Dispersal is fundamental in determining biodiversity responses to rapid climate change, but recently acquired ecological and evolutionary knowledge is seldom accounted for in either predictive methods or conservation planning. We emphasise the accumulating evidence for direct and indirect impacts of climate change on dispersal. Additionally, evolutionary theory predicts increases in dispersal at expanding range margins, and this has been observed in a number of species. This multitude of ecological and evolutionary processes is likely to lead to complex responses of dispersal to climate change. As a result, improvement of models of species’ range changes will require greater realism in the representation of dispersal. Placing dispersal at the heart of our thinking will facilitate development of conservation strategies that are resilient to climate change, including landscape management and assisted colonisation.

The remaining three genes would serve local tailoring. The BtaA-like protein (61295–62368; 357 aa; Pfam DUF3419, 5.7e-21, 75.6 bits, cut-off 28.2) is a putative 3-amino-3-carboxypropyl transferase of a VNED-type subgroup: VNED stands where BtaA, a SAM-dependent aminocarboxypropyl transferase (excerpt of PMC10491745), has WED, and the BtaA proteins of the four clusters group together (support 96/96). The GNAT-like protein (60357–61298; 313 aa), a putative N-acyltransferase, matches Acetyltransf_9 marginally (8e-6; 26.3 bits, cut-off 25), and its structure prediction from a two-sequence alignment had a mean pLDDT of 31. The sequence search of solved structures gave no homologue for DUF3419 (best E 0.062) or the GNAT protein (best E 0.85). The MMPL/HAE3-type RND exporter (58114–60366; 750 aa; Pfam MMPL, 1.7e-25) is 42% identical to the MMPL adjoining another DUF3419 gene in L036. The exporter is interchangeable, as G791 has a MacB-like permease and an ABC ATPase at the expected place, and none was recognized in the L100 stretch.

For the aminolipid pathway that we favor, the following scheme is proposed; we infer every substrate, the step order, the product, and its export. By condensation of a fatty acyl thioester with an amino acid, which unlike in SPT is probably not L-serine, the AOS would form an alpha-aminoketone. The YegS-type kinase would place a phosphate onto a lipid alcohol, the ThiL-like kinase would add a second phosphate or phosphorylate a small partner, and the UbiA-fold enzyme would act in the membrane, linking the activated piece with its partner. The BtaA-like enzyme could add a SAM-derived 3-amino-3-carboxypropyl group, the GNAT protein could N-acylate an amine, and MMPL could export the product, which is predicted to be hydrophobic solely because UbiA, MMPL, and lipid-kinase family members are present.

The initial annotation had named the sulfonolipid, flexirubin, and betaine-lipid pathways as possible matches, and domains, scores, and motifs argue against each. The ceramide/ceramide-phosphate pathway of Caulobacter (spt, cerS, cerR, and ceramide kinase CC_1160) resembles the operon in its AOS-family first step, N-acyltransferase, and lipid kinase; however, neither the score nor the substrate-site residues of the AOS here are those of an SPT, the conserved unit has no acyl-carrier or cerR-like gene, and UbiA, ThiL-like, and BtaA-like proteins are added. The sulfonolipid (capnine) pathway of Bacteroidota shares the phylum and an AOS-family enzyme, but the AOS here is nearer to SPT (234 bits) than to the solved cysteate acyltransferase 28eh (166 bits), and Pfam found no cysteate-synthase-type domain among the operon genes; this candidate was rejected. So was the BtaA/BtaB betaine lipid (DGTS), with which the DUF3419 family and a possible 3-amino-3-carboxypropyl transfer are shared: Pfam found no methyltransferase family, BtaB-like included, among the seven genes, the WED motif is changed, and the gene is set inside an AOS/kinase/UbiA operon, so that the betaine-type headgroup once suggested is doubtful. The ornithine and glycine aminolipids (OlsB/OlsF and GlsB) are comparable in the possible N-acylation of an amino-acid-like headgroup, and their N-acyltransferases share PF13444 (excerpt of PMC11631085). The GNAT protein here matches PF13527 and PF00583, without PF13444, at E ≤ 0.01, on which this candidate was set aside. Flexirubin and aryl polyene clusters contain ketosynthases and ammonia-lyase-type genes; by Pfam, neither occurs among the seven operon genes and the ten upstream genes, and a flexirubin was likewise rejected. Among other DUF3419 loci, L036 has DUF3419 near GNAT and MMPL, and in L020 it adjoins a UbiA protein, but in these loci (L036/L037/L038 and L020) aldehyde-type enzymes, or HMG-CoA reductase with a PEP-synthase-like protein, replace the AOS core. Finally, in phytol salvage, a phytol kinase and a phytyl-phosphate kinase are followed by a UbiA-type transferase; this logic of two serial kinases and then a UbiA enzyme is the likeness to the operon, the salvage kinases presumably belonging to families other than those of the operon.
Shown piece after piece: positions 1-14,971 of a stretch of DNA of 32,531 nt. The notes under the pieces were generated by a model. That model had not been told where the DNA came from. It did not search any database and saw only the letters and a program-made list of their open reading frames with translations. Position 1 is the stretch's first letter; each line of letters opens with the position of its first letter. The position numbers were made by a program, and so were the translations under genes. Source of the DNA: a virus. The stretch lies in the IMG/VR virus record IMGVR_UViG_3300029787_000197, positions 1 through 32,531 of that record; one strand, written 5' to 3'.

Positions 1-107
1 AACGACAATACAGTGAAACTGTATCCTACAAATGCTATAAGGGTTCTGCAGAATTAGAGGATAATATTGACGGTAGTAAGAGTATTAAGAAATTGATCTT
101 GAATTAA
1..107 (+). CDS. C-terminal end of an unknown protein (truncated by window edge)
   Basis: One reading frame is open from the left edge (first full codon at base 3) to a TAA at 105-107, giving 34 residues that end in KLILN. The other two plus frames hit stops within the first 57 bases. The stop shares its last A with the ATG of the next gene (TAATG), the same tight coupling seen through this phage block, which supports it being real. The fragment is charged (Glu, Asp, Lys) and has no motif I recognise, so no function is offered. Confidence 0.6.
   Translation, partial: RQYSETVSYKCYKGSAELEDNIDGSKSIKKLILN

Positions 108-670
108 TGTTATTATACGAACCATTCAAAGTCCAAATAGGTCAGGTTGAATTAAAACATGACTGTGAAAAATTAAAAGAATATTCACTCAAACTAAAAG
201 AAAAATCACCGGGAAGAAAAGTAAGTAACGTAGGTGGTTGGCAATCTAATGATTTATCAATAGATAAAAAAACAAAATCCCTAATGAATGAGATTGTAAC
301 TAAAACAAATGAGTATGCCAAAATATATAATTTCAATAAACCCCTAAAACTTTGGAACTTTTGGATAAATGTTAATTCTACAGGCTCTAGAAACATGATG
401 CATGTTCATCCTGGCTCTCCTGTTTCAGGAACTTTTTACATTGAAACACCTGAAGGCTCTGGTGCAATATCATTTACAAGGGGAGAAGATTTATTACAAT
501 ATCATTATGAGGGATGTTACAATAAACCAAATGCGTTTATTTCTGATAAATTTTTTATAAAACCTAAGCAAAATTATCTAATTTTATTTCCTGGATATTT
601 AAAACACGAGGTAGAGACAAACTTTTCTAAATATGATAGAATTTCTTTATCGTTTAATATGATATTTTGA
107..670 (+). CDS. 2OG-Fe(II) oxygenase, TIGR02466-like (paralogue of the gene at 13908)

This article seeks synthesis across the fields of dispersal ecology and evolution, species distribution modelling and conservation biology. Increasing effort focuses on understanding how dispersal influences species' responses to climate change. Importantly, though perhaps not broadly widely-recognised, species' dispersal characteristics are themselves likely to alter during rapid climate change. We compile evidence for direct and indirect influences that climate change may have on dispersal, some ecological and others evolutionary. We emphasise the need for predictive modelling to account for this dispersal realism and highlight the need for conservation to make better use of our existing knowledge related to dispersal.